|Publication number||US4107629 A|
|Application number||US 05/796,888|
|Publication date||Aug 15, 1978|
|Filing date||May 16, 1977|
|Priority date||May 16, 1977|
|Also published as||DE2820292A1|
|Publication number||05796888, 796888, US 4107629 A, US 4107629A, US-A-4107629, US4107629 A, US4107629A|
|Inventors||Russell L. Stone, Jr.|
|Original Assignee||General Electric Company|
|Export Citation||BiBTeX, EndNote, RefMan|
|Patent Citations (12), Referenced by (7), Classifications (6), Legal Events (1)|
|External Links: USPTO, USPTO Assignment, Espacenet|
This application relates to an application entitled "Temperature Compensator for a Crystal Oscillator" filed Apr. 14, 1977, Ser. No. 787,428, and assigned to the General Electric Company.
My invention relates to a temperature compensator for a crystal oscillator having a voltage sensitive capacitor or varactor, and particularly to a temperature compensator for controlling the voltage applied to such a voltage sensitive capacitor, and hence for providing improved oscillator frequency stability over a wide range of temperatures.
In radio communication and electronic equipment piezoelectric crystals are used almost exclusively as the frequency determining element. As the technology in this field has expanded, the desired frequency stability of the piezoelectric crystals with respect to temperature has steadily increased. Thus, in oscillators using piezoelectric crystals, it is now fairly common to have a frequency stability of plus or minus five parts per million (±5 ppm) over a temperature range between -30° C and +80° C. (As used herein, frequency stability stated in parts per million indicates the maximum frequency variation from a crystal's center frequency over a given temperature range. Thus, if a crystal is specified to have a center frequency of 8 megahertz and a stability of ±2 ppm for a given temperature range, this means that the crystal frequency will not vary more than 2/1,000,000 times 8,000,000 hertz, or ±16 Hertz over that temperature range.)
Accordingly, a primary and general object of my invention is to provide a new and improved temperature compensator for a crystal oscillator.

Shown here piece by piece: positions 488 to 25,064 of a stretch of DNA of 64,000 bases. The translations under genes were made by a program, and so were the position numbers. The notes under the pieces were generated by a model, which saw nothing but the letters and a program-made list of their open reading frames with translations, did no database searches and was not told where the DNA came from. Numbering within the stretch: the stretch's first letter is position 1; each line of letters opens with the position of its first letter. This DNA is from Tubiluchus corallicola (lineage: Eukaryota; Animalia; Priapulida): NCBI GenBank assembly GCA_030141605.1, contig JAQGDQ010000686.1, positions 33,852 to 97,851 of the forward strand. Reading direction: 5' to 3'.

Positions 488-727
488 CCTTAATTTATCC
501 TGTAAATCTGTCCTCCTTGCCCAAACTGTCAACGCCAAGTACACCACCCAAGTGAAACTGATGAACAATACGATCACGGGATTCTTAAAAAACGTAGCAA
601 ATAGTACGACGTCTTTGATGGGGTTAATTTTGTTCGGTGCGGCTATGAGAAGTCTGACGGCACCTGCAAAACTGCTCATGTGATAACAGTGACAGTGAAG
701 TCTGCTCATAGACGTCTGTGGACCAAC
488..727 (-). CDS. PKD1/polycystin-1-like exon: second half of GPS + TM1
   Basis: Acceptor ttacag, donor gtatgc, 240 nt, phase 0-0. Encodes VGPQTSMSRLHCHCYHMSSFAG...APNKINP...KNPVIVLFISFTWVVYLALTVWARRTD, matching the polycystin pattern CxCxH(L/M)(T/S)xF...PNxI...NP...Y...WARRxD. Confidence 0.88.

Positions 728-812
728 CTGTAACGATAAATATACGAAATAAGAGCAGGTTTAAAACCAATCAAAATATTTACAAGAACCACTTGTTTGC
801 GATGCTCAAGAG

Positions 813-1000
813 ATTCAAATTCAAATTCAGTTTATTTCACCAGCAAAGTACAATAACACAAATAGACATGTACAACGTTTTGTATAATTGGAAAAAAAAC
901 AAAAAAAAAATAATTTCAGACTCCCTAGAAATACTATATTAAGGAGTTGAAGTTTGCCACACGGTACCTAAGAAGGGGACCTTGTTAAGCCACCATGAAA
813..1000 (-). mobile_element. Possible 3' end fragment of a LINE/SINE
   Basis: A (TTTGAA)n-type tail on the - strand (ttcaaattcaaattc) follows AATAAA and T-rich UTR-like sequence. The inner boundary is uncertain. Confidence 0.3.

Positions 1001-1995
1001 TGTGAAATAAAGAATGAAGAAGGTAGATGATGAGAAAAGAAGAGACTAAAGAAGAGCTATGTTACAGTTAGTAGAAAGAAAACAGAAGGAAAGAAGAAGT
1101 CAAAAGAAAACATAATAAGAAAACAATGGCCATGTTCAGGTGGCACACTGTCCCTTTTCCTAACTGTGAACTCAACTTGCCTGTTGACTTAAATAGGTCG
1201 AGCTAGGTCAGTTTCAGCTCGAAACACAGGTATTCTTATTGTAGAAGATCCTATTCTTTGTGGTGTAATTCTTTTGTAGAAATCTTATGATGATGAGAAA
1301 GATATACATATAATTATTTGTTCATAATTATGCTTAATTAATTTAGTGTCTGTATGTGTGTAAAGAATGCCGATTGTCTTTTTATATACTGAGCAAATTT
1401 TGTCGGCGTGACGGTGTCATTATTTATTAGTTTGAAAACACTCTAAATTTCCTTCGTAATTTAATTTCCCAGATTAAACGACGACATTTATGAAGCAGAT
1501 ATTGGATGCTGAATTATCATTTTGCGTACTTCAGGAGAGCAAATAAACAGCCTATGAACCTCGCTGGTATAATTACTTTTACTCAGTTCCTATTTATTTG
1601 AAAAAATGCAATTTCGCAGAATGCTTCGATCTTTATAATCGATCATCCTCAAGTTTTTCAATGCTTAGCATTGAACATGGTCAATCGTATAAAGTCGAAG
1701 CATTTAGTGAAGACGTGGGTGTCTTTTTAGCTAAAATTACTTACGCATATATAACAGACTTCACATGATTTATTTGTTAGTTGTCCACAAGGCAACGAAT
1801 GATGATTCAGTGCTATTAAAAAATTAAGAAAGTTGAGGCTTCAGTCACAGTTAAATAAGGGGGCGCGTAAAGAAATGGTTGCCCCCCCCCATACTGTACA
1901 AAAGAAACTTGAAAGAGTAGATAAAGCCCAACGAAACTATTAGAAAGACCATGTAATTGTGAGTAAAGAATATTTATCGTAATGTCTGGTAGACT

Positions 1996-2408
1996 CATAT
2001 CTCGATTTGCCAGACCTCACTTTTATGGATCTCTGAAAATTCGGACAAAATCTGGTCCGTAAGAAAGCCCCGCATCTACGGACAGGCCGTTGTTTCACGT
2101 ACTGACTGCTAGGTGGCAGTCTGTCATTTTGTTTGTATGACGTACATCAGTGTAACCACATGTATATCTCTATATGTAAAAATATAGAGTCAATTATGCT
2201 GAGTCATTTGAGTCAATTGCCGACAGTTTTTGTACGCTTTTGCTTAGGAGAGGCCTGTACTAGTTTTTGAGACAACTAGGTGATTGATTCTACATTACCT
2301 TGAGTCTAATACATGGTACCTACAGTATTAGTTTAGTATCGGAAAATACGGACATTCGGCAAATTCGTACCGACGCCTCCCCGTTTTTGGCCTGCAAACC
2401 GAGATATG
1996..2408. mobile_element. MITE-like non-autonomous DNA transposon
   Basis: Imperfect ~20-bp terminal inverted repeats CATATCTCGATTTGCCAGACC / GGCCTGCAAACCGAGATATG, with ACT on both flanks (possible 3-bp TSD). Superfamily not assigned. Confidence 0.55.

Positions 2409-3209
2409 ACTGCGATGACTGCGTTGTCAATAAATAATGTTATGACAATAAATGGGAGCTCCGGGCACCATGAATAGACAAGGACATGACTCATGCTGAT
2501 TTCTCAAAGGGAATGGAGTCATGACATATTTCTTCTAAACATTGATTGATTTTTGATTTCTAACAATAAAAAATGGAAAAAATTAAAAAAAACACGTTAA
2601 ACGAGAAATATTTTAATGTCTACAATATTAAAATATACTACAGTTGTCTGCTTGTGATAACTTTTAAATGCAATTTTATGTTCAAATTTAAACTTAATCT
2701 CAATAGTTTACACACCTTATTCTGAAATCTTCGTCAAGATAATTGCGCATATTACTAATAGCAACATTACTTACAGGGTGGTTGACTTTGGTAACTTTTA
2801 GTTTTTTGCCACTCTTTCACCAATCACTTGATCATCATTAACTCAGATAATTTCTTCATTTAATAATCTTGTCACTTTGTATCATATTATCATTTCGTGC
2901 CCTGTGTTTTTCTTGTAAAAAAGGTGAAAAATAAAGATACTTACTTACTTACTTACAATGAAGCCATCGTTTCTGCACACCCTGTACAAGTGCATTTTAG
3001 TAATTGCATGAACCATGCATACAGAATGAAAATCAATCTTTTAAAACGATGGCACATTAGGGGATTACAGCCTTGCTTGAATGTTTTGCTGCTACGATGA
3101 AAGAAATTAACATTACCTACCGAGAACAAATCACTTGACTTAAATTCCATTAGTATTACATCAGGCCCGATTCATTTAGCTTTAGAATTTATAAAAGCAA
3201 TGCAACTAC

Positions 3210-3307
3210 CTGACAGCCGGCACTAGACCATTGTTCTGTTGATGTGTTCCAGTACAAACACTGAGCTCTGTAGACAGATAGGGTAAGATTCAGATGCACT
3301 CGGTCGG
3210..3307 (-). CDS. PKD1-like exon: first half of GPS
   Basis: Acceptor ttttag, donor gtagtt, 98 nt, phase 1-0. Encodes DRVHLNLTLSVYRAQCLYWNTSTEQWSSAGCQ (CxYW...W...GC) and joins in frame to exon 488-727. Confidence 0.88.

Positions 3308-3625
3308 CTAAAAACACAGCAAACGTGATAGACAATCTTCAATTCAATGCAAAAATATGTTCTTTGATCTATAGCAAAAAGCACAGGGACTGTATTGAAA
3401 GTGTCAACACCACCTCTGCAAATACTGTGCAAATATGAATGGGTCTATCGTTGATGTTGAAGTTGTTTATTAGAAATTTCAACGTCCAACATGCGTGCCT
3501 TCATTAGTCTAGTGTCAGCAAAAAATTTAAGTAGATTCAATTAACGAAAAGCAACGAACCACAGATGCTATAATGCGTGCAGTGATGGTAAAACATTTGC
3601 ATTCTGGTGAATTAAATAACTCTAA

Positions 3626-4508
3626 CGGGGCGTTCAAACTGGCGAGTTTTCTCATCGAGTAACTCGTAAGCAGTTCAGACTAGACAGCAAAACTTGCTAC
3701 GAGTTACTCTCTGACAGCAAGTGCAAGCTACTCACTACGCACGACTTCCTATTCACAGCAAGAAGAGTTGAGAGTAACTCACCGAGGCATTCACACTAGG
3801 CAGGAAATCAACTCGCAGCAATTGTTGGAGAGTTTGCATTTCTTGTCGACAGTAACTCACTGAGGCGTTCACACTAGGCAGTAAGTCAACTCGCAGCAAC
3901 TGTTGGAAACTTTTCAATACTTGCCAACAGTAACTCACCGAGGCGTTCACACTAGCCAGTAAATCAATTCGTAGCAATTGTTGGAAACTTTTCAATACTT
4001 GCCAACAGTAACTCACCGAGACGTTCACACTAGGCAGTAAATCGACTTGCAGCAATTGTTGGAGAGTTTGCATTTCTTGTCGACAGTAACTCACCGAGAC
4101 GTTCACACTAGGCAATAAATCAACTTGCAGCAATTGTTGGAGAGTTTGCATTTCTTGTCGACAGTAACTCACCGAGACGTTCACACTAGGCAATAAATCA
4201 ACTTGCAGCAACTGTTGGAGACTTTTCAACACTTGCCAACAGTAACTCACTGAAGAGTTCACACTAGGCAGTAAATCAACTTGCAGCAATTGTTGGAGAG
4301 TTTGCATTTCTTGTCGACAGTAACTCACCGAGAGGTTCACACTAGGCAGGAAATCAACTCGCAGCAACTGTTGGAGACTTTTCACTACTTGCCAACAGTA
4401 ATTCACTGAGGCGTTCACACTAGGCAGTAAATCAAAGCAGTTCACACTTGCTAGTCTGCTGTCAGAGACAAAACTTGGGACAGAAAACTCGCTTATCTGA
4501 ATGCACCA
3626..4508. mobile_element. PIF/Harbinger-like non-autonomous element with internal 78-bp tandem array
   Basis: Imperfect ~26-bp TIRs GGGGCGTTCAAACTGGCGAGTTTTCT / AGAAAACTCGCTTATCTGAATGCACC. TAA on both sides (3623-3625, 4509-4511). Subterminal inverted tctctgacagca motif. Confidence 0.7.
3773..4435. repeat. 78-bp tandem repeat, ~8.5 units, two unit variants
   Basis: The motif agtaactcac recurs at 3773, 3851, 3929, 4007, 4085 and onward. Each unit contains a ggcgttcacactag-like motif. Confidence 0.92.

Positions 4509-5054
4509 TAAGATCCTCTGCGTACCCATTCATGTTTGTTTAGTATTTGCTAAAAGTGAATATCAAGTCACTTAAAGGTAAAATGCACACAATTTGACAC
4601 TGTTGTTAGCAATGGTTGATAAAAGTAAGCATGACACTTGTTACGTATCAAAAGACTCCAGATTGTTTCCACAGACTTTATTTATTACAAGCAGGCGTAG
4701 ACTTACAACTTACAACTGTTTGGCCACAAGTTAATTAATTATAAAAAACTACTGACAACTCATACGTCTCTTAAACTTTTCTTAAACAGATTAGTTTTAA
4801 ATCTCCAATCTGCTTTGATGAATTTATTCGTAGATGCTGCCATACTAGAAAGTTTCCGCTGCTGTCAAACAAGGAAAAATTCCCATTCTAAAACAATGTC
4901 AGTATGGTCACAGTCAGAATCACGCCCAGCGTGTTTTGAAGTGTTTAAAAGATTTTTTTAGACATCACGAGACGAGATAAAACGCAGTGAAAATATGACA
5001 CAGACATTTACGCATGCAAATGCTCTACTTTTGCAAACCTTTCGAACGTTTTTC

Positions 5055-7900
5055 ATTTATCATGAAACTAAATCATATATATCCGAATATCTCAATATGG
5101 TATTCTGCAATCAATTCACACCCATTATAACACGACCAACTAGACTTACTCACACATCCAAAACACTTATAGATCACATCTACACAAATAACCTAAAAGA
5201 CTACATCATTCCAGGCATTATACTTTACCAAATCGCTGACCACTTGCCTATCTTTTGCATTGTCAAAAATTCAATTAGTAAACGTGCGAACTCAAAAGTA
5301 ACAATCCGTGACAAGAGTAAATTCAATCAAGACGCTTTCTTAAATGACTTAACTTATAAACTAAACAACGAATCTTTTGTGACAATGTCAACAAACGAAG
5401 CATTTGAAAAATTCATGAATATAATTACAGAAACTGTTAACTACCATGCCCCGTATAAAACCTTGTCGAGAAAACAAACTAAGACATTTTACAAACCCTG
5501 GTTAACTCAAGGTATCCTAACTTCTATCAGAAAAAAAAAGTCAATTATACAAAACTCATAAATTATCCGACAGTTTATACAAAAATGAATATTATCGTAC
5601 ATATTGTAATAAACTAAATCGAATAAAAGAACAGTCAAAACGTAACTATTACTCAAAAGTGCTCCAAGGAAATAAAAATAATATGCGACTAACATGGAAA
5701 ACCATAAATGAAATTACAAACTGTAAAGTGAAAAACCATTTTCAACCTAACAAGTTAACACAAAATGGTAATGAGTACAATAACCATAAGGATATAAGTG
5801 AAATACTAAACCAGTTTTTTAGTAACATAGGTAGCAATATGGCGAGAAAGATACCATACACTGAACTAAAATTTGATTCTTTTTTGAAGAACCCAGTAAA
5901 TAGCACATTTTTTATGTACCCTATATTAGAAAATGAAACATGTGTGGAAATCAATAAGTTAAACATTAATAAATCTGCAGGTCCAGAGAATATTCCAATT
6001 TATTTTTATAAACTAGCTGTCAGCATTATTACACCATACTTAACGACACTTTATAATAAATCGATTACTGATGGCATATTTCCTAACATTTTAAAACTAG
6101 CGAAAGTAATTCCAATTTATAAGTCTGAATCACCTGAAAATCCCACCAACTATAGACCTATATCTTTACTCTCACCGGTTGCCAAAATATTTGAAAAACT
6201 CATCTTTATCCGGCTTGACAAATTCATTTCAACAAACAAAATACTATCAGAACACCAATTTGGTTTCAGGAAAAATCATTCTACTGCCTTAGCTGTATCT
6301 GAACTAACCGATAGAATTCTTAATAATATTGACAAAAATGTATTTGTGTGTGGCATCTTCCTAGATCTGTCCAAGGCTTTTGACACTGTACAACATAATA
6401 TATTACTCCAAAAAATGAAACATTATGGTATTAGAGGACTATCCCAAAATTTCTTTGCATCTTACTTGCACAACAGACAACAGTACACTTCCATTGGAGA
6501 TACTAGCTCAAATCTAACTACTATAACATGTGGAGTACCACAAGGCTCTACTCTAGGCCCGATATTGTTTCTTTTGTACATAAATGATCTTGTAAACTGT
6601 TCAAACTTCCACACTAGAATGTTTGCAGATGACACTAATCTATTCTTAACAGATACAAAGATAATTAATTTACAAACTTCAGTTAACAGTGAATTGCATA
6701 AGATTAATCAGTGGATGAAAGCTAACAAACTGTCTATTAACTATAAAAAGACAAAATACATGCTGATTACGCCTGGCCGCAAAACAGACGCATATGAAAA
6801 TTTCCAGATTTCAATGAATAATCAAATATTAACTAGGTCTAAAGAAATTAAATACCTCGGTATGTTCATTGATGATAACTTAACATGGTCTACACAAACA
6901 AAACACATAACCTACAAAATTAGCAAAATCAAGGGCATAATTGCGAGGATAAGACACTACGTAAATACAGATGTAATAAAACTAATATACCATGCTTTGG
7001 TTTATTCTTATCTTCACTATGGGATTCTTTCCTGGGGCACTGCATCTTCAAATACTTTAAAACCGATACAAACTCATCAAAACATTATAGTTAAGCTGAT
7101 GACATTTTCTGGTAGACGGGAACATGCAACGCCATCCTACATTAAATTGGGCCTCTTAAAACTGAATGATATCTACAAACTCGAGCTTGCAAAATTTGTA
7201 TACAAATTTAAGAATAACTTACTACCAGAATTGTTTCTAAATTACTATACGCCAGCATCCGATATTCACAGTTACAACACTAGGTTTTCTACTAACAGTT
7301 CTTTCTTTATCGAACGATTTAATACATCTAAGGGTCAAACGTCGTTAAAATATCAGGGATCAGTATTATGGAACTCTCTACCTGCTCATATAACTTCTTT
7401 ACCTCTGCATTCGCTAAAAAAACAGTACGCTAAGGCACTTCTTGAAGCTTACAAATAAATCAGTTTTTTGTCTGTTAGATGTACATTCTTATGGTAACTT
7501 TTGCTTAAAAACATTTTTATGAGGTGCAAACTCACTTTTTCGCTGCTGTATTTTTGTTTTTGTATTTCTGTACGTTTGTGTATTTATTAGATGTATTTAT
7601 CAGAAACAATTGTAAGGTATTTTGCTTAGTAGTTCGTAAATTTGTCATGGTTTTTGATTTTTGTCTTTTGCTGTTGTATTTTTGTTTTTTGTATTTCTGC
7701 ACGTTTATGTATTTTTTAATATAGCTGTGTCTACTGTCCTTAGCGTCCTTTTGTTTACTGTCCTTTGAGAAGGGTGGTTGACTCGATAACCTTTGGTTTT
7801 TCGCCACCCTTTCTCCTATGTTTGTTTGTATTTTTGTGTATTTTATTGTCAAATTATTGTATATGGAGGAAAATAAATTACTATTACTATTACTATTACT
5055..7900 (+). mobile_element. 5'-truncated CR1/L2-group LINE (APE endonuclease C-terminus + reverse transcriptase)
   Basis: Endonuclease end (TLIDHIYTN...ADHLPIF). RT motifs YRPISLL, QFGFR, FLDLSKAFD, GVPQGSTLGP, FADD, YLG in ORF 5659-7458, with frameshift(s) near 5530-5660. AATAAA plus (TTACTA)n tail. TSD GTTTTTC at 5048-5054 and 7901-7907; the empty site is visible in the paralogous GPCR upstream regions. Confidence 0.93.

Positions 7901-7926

Another and fairly specific object of my invention is to provide a new and improved temperature compensator that can maintain the frequency stability of a crystal oscillator to within ±2 ppm over a temperature range of -30° C to +80° C.
Temperature compensators using temperature sensitive resistors (or thermistors) have been provided in the past. Generally, these thermistors cannot be adjusted or trimmed, so that additional and fairly complex circuits must be provided to adjust the compensator for any differences between the thermistors.
Accordingly, another object of my invention is to provide a new and improved temperature compensator that does not require thermistors.
Another object of my invention is to provide a new and improved temperature compensator that can be built in integrated circuit form and provided with external components that can be easily adjusted so that the compensator has the desired compensation characteristics.
Briefly, these and other objects are achieved by a temperature compensator in accordance with my invention for use with a crystal controlled oscillator having a voltage sensitive capacitor (or varactor). My temperature compensator responds to various temperatures over a wide temperature range, and provides a voltage for the voltage sensitive capacitor so as to maintain a stable oscillator frequency over that temperature range. My temperature compensator comprises voltage source terminals and compensating voltage output terminals. The output terminals are for connection to the voltage sensitive capacitor. A middle temperature range circuit is connected between the source terminals, and comprises a current source circuit with a first path and a load path connected in series with the current source circuit. A temperature sensitive diode is connected to the first path for increasing the current through the load path in response to warmer temperature, and for decreasing the current through the load path in response to cooler temperature. A cold temperature range circuit is connected between the source terminals, and comprises a current source circuit having a first path and a load path connected in series with the current source circuit. A temperature sensitive diode is connected to the current source circuit for increasing the current through the load path in response to colder temperature, and for decreasing the current through the load path in response to warmer temperature. A hot temperature range circuit is connected between the source terminals, and comprises a current source circuit having a first path and a load path connected in series with the current source circuit. A temperature sensitive diode is connected to the current source circuit for decreasing the current through the load path in response to hotter temperatures and for increasing the current through the load path in response to cooler temperature. Means are connected to each of the load paths for deriving compensating signals. The compensator can be constructed in integrated circuit form with the middle, cold, and hot temperature range circuit resistors placed on the outside for adjustment. Such external placement permits the temperature compensator to be adjusted to provide the desired temperature characteristics. This adjustment is relatively easy, rapid, and reliable.